(Title) Game Effort

NEW YORK -- It was a slow, grind-it-out affair that undoubtedly favored Notre Dame's newly-adopted style of offense. But West Virginia didn't need any particular pace to make its attack work. It had Da'Sean Butler, and that was all that mattered.

Butler scored 24 points, including 21 of the Mountaineers' first 39, and powered his team into the Big East Conference championship game for only the second time since joining the league before the 1995-96 season with a 53-51 victory over the Irish on Friday night at Madison Square Garden.

WVU, the tournament's No. 3 seed, will take on eighth-seeded Georgetown in the title game on Saturday night. The Hoyas advanced by taking out Marquette 80-57 in the other semifinal earlier Friday.

While that game was a relative blowout, West Virginia endured a nail-biter for the second time in as many nights at The World's Most Famous Arena.

It led by as many as 10 points on three separate occasions in the second half, but watched its opposition rally to within one at 48-47 on a pair of Tory Jackson free throws with 2:58 to go.

"I am starting to have a lot of confidence in our guys screwing up enough to let [opponents] back in the game," said Mountaineer head coach Bob Huggins.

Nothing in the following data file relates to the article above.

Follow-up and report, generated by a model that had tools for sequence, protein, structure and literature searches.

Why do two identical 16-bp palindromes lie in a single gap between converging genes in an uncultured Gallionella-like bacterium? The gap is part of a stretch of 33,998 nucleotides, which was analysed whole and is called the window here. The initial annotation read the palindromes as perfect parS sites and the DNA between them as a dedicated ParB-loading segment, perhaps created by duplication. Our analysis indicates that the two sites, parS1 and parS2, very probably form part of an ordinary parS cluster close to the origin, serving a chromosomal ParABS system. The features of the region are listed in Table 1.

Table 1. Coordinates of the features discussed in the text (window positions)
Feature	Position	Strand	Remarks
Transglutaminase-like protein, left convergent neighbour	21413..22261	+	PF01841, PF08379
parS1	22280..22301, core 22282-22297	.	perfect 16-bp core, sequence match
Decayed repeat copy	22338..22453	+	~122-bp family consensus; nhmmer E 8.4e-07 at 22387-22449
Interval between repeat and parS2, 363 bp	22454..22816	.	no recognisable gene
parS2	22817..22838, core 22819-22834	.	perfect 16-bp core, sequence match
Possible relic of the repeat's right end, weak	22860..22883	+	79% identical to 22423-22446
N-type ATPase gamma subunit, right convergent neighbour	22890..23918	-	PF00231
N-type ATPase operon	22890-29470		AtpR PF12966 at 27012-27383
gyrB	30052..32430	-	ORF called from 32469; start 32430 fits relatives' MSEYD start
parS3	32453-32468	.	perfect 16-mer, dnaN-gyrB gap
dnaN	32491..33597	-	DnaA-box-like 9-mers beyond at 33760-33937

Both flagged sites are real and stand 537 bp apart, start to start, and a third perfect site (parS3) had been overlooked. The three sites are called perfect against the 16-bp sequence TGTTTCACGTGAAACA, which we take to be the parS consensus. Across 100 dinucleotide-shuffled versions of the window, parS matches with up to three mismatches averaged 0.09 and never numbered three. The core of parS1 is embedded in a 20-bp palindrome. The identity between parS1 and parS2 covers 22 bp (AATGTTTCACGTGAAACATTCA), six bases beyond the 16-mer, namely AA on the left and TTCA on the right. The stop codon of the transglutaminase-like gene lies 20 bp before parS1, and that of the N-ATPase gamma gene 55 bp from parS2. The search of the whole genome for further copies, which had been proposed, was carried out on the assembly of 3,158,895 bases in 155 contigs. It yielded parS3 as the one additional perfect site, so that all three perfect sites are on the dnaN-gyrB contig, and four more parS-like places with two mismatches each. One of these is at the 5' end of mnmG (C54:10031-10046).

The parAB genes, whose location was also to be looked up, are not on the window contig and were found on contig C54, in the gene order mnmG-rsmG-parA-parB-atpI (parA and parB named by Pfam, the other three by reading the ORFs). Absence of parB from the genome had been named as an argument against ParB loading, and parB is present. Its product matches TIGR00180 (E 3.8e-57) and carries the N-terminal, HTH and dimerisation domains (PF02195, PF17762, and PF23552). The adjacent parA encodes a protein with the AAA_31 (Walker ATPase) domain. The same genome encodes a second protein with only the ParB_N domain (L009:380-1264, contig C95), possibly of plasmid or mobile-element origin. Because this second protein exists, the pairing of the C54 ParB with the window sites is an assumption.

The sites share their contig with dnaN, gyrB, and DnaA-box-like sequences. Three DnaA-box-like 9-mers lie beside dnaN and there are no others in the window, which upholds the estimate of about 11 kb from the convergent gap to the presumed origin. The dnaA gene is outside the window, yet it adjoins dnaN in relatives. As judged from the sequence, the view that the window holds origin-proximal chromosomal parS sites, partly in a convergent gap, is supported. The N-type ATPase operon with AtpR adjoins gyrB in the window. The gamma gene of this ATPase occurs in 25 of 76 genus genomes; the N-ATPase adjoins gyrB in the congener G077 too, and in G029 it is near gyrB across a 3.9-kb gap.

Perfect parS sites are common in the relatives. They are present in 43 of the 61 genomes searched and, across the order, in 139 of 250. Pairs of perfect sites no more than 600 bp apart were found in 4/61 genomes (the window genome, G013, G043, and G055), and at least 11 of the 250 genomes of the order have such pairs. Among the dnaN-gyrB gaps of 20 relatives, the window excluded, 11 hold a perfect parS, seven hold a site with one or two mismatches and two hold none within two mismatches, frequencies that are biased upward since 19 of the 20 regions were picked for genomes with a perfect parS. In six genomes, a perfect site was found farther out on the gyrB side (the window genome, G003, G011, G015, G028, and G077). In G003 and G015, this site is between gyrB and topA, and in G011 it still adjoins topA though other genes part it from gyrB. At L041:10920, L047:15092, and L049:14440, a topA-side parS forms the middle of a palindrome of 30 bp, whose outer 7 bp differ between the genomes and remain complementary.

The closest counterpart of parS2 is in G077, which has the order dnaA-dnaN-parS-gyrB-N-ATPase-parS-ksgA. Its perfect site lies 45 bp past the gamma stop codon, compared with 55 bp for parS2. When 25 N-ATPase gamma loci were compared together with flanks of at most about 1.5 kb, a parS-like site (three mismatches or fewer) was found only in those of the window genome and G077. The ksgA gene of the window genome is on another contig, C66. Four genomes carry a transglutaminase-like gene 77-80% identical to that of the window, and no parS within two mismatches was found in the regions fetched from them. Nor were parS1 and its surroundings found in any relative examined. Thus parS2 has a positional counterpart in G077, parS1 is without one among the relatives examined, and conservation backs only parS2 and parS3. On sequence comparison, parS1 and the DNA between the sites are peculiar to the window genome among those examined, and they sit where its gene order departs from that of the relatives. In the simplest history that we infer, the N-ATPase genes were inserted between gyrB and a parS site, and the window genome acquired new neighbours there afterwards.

But Joe Mazzulla, who played significant minutes in relief of a struggling Truck Bryant, scored on a lay-in to stop Notre Dame's 11-2 run, and Kevin Jones canned a pair of free throws to bring the lead back up to five.

Notre Dame (23-11, 12-9) rallied back on the efforts of Ben Hansbrough, who carried much of the offensive load for his team throughout.

Hansbrough drove and scored on a reverse lay-in to make it a three-point game, and after Butler hit one of two free throws, made a pair of his own to make it 53-51 with 47 seconds left.

After a Mountaineer timeout, Butler had the ball with the shot clock running down and fired a 3-pointer that he later called "a bad shot" -- one of the few he put up that didn't go in.

With no timeouts remaining, the Irish came down court and Jackson put up a 3-pointer with the clock winding down. It was short, and the ball bounced out towards the foul line.